- First, a word about grinding. The kebabi and saté men I met on the barbecue trail grind their own meat from scratch, and time permitting I like to do the same. But I know that perfectly delicious results can be obtained with a lot less fuss and time by using preground meat, so that is what I call for in the recipes.
- If you do grind your own meat, use a fairly fatty cut (unless otherwise instructed), like shoulder (for lamb and pork) or chuck (for beef). Put it through the fine plate of the meat grinder (the plate with 1/8-inch holes).
- Sometimes I call for kneading the kebab mixture by hand, either over a low heat or at room temperature. Kneading (especially over heat) creates a smooth, tightly knit, almost spongy texture much prized by Central Asians. There is no need to knead unless instructed to do so in a recipe.
- Some of the recipes call for molding the ground meat onto skewers. In general, chilling the meat before molding it will make the task easier. If it is necessary to chill the meat, I note that in the recipe. I also like to chill the molded kebabs for 1 to 2 hours before grilling. This makes the meat less likely to fall off the skewers. Note that chilling is a luxury not available to many kebab and saté chefs in the Third World, who have no refrigeration. If you’re pressed for time, most of the koftas, kebabs, and satés in this chapter can be assembled and grilled without chilling. If you’re preparing the meat ahead of time, always refrigerate it until you’re ready to grill.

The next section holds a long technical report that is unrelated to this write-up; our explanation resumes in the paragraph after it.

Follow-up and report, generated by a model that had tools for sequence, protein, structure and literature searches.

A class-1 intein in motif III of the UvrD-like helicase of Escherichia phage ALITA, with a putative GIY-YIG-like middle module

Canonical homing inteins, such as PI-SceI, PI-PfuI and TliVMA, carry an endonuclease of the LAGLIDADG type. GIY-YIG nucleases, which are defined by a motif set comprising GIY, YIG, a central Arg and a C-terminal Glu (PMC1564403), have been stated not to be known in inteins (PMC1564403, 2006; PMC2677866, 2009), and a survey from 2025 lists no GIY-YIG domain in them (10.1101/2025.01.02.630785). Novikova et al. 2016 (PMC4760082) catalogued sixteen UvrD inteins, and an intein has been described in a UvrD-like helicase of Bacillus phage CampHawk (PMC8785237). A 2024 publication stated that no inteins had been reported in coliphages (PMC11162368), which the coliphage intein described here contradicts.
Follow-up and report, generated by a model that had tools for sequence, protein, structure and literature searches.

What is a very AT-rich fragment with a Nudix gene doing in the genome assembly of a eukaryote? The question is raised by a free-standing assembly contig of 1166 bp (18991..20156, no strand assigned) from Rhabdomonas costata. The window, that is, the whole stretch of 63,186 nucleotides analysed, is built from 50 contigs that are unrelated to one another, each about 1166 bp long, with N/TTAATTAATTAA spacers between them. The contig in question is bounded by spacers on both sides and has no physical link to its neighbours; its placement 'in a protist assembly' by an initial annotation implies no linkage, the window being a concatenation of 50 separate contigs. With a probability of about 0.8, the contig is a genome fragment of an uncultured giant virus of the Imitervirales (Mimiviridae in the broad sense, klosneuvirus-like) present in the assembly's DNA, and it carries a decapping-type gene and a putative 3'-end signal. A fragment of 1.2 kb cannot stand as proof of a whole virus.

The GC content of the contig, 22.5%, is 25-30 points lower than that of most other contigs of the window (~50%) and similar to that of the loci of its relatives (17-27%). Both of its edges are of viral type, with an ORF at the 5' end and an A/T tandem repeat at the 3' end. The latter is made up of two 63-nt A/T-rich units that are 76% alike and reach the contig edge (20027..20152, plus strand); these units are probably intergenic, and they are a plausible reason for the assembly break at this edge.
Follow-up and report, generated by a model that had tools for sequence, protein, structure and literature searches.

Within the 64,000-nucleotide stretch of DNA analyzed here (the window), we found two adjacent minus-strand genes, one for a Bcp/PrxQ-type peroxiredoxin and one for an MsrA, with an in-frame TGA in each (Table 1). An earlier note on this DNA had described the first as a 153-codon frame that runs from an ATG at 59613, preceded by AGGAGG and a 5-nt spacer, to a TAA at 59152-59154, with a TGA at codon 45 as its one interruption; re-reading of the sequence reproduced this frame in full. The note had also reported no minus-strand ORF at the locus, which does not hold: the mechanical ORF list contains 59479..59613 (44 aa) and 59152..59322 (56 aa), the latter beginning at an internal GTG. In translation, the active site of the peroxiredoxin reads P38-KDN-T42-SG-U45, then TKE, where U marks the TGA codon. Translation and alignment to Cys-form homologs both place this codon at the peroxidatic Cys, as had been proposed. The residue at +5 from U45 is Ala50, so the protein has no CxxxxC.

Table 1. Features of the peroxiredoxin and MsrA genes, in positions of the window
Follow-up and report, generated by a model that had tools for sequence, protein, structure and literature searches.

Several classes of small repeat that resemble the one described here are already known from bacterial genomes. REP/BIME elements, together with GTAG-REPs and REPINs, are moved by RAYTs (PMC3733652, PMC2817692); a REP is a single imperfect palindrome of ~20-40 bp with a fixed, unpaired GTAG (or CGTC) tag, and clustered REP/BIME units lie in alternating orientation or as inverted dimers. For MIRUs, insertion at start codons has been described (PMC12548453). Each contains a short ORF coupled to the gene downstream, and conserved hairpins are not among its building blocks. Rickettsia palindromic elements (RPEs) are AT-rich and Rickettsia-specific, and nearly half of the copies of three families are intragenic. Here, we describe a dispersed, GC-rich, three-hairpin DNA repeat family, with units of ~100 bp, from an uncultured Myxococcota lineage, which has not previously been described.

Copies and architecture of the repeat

- The ground meat should go on flat skewers (available at Middle Eastern and Iranian markets see Mail-Order sources). Ideally the skewers will be 1/2 inch wide, but you can get away with using a 1/4-inch-wide skewer. Use slender metal or bamboo skewers only as a last resort the meat is more likely to fall off them.
- Because ground meat satés are fairly fragile, I suggest arranging them on a baking sheet lined with plastic wrap as they are prepared. When I prepare larger kebabs, I rest both ends of the skewers on the sides of a roasting pan so that the meat is suspended. This prevents the kebabs from flattening out.
- I also recommend grilling ground meat kebabs "without a grate," a procedure in which the ends of the skewers rest on bricks or metal pipe so they are raised above the grate. This makes the kebabs less likely to stick and fall apart than if they’re placed directly on the grate.
If you’re in a hurry or you don’t have bricks or pieces of pipe, you can cook directly on the grate. Just remember to oil it well before adding the kebabs.
- Use tongs for turning the kebabs. (Try to hold the ends of the skewers, rather than the meat part, when turning.)
- To unskewer a ground meat kebab, do as an Iranian kebabi man does: Use a piece of pita bread or lavash as a pot holder. Gently pull the portion of meat toward you to loosen it, then push it away from you to unskewer.
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